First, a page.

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Issue of the Day

  1. barryrutherford profile image31
    barryrutherfordposted 6 years ago

    Should watching any content which is freely available on the Internet be a criminal offence ?

    1. Misha profile image76
      Mishaposted 6 years ago in reply to this

      It shouldn't - but it is.

  2. Cagsil profile image60
    Cagsilposted 6 years ago

    Watching "any" content which is freely available on the Internet be a criminal issue?

    Well, I guess that would depend on the "content" that is being freely distributed.

    I can think of some content that is spread about the Internet and shouldn't even be available, but it is.

    I get the freedom of expression and free speech right of each person, but some content is so mature or bizarre or violates "laws" - government and religious - it is disturbing to the senses.

    So, again - "any"? Is subjective. Could you be more specific?

    1. 0
      Home Girlposted 6 years ago in reply to this

      if you feel guilty - don't watch it.

  3. barryrutherford profile image31
    barryrutherfordposted 6 years ago

    What if your doing it in the privacy of your own home ?

    1. Cagsil profile image60
      Cagsilposted 6 years ago in reply to this

      My point is not a privacy matter. It depends on the content.

      1. barryrutherford profile image31
        barryrutherfordposted 6 years ago in reply to this

        Wel, my point about the privacy is that it is not affecting anyone but you yourself & how much that affects you well it is so subjective.  I mean I find lots of feature films very very disturbing!

  4. barryrutherford profile image31
    barryrutherfordposted 6 years ago

    A famous ABC Australia TV presenter has been charged with a Criminal Offence  for  downloading "offensive" pornography to his computer

    1. Cagsil profile image60
      Cagsilposted 6 years ago in reply to this

      The pornography was "offensive" to whom?

      I am of the understanding that that position is a religious position, with regards to pornography, up to a point, where it exploits children, then is a moral issue.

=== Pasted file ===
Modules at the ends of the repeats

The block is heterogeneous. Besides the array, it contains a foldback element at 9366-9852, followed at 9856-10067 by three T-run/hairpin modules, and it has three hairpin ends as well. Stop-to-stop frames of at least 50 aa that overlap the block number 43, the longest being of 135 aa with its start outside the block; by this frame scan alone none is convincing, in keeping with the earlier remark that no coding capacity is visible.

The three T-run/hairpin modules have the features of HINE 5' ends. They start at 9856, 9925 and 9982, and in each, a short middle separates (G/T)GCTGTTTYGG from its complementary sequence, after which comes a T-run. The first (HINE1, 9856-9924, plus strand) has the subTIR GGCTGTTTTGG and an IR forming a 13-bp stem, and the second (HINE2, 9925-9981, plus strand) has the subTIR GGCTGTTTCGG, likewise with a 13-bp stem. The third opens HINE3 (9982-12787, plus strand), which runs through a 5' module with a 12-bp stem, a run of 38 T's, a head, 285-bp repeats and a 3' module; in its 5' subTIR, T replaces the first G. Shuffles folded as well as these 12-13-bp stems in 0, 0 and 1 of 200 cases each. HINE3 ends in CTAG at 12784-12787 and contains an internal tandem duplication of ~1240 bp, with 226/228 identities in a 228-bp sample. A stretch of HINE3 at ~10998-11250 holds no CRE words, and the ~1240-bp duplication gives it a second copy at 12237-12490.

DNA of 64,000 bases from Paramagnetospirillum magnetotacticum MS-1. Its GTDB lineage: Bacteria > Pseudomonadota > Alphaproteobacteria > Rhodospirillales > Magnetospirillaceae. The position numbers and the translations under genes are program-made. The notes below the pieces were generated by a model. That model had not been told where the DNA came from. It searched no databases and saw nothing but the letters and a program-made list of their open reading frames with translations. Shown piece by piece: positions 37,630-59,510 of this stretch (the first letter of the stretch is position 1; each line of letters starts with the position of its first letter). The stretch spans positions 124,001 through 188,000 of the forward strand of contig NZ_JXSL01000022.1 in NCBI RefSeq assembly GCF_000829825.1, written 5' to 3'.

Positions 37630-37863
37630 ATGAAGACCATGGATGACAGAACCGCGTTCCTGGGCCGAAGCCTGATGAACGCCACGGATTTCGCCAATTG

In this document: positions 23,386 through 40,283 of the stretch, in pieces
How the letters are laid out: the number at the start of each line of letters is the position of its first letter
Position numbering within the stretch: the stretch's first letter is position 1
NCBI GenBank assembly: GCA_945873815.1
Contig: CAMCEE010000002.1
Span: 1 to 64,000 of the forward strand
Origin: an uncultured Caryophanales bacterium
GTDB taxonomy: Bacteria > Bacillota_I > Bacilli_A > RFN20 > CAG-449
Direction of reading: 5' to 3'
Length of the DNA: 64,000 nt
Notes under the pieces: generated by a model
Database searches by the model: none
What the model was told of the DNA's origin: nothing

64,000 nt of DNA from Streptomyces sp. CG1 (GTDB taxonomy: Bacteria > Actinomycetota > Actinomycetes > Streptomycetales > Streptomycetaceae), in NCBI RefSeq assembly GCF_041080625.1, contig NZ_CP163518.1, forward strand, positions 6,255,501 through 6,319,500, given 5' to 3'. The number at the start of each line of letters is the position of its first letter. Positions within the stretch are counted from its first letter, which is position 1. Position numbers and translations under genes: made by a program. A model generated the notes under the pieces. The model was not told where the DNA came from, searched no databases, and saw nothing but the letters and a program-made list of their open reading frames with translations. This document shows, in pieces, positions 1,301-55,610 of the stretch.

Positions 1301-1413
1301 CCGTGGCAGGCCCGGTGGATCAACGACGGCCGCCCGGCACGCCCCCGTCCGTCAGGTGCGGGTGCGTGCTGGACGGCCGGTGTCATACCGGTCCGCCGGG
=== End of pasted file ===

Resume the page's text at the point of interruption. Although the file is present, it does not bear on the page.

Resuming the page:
Privacy doesn't matter at that point, because the action of the person is perpetuating a demoralizing type of action and indirectly affecting the lives of children.

      Adult content that is pornography(adult sexual action) should not be invaded for whatever reasons. In the privacy of their home of adult pornography as I described, should be protected at all costs. In the privacy of their own home isn't harming or hurting society, because the product is a legitimate/legal goods offered and most likely didn't result in the harm of anyone during the making.

      Offensive?? Just the arrest of this person IS offensive. lol

    2. Ivorwen profile image85
      Ivorwenposted 6 years ago in reply to this

      So, he didn't just watch it, he also downloaded it. 

      That means he is now in possession of it, as it is now on his hard drive.

      As I understand the laws here, if that was child pornography, or something else that is illegal (is there anything else that is illegal?) then yes, he would be in violation of the law.

      1. barryrutherford profile image31
        barryrutherfordposted 6 years ago in reply to this

        I know he is in vioalation of the law but should he be ?  That is my issue.  Just like me watching an X rated violenct film showing torture murder or serial killing why is that not against the Law ?

  5. goldenpath profile image81
    goldenpathposted 6 years ago

    No, but putting certain content on the internet should be. 

    My fear is for the young.  Since the internet content will never be regulated or monitored to any satisfactory degree the proper supervision of our youth still is and will always rest with the parents.  Far too many of our parents need to wake up and raise a generation of integrity and self reliance.  Parents needs to cut the bonds that modern legislation and social stigmas have placed on parenthood in relation to a child's "rights."

    1. barryrutherford profile image31
      barryrutherfordposted 6 years ago in reply to this

      I agree about puttin or selling or distributing offensive content should be an Offence but downloading what is there for your own consumption i have an issue with that !

      1. goldenpath profile image81
        goldenpathposted 6 years ago in reply to this

        I agree.  It's a sticky matter.  We all have free agency and we make good and bad choices.  What we do in the privacy of our home in front of the computer might be bad choices but should not necessarily constitute a criminal choice - at least in terms of downloading.  It's a matter of what you do with that information from there.  Will it feed your lust to go out and commit perverted acts?  Will it incite your senses to act in openly illegal ways?  The information may be unsavory but how we act on it is more important.

        1. barryrutherford profile image31
          barryrutherfordposted 6 years ago in reply to this

          Yes well this is my point I went and saw a movie like Saw or Sawii or something similar be banned because it may make me a serial killer ?

          1. goldenpath profile image81
            goldenpathposted 6 years ago in reply to this